Online Program

Meeting sex partners online is associated with HIV and syphilis infection among men who have sex with men and transgender women in Lima, Peru

Monday, November 2, 2015

Jeremy Chow, MD, Division of Infectious Diseases, University of California, Los Angeles, Los Angeles, CA
Claire Bristow, MSc, Fielding School of Public Heath, University of California, Los Angeles, Los Angeles, CA
Kelika Konda, MHS, PhD, Department of Medicine, David Geffen School of Medicine, University of California, Los Angeles, Los Angeles, CA
Brandon Brown, MPH, PhD, Department of Population Health and Disease Prevention, Program in Public Health, University of California, Irvine, Irvine, CA
Carlos Caceres, MD, PhD, Unit of Health, Sexuality and Human Development, School of Public Health, Universidad Peruana Cayetano Heredia, Lima, Peru
Jeffrey Klausner, MD, MPH, Infectious Diseases, David Geffen School of Medicine at UCLA, Los Angeles, CA

HIV and syphilis are concentrated epidemics affecting men who have sex with men (MSM) and transgender women (TW) in Peru.  Our analysis aimed to determine whether meeting sex partners at certain venues increases the risk of acquisition of HIV and syphilis.


High-risk adult MSM and TW in Lima participated in a clinic-based cohort study including a survey and serologic testing for HIV and syphilis every three months.  Multivariable Poisson regression was used to estimate the association between venues where participants reported recently meeting sex partners (clubs, discos, saunas, the internet, or hotels) and recent HIV (acquired ≤6 months before enrollment or during study) or syphilis (baseline RPR >1:8 or acquired during study).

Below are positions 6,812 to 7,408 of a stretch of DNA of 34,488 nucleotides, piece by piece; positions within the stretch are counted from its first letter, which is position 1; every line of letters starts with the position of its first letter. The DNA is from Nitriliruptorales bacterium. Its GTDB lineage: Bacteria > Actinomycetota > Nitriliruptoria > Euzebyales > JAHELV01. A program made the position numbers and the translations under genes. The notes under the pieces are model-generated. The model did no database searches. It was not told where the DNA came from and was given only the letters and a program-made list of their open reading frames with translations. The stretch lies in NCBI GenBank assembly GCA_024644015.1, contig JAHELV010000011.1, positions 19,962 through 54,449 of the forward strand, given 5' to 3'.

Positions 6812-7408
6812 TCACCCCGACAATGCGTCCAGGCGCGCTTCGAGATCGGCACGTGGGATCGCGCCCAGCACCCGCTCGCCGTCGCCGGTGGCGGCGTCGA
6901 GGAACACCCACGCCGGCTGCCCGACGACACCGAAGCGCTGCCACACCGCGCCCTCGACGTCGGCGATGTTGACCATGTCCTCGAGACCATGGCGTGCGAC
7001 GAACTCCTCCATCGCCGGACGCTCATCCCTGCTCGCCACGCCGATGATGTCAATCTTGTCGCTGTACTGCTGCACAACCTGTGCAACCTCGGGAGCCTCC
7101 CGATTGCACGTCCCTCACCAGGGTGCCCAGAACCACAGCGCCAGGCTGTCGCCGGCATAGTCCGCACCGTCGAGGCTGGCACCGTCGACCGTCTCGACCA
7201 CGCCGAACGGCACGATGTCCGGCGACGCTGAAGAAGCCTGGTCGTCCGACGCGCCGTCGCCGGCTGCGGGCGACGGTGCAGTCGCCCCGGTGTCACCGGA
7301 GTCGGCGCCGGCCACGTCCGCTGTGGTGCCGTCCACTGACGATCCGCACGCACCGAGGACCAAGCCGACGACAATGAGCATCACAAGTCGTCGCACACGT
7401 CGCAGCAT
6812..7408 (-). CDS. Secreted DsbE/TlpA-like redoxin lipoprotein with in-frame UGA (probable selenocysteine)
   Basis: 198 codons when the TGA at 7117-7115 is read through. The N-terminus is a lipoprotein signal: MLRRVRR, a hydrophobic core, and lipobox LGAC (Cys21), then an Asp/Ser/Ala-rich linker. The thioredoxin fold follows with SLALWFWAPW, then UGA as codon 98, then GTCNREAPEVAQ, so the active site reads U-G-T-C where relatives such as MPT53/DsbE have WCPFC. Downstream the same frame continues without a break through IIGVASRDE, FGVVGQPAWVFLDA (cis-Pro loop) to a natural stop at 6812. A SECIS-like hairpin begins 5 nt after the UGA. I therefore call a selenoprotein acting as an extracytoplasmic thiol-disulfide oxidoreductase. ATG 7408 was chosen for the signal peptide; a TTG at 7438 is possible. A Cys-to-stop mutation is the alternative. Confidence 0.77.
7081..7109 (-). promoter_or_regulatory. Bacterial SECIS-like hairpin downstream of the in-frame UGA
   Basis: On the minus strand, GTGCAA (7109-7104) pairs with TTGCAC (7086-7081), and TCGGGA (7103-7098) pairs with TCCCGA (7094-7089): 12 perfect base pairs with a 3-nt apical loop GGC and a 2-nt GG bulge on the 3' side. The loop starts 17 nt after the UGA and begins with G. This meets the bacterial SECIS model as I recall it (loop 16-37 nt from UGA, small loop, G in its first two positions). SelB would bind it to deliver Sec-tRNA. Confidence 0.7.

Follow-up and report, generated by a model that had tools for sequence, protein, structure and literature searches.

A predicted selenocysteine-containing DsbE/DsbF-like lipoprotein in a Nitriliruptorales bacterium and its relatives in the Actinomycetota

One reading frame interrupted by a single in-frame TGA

Within the cohort of 401 MSM/TW, 105 had recent HIV (n=32) or syphilis (n=82) during 318.8 person years of follow-up.  These 105 participants met partners at a club(5%), disco(10%), sauna(14%), hotel(36%), and/or on the internet(23%).  Receptive (adjusted prevalence ratio (aPR) 2.69(95% CI 1.38-5.23)) and versatile (aPR 2.49(95% CI 1.29-4.80)) sexual roles, previous syphilis (aPR 1.78(95% CI 1.29-2.45)), meeting on the internet (aPR 1.67(95% CI 1.14-2.46)), and anal GC/CT infection (aPR 1.42(95% CI 1.00-2.02)) were associated with an increased aPR of recent HIV or syphilis.  Age ≥36 years (aPR .63(.41-.95)) was associated with a decreased aPR.


We identified significant venue based risk factors for recent HIV or syphilis infection. Future prevention efforts should focus on innovative internet-based strategies, while also targeting physical venues (e.g. hotels) since they are still frequently used to meet sex partners.

Learning Areas:

Social and behavioral sciences

Learning Objectives:
Identify risk factors for recent HIV or syphilis acquisition among men who have sex with men (MSM) and transgender women (TW) in Lima, Peru. List meeting venues associated with recent HIV or syphilis acquisition in MSM and TW in Lima, Peru.

Keyword(s): Sexual Risk Behavior, HIV/AIDS

Presenting author's disclosure statement:

Qualified on the content I am responsible for because: I am an infectious diseases fellow at UCLA and have performed research on HIV and STI epidemiology. I am interested in developing strategies for HIV and STI prevention in Latin America.
Any relevant financial relationships? No

I agree to comply with the American Public Health Association Conflict of Interest and Commercial Support Guidelines, and to disclose to the participants any off-label or experimental uses of a commercial product or service discussed in my presentation.

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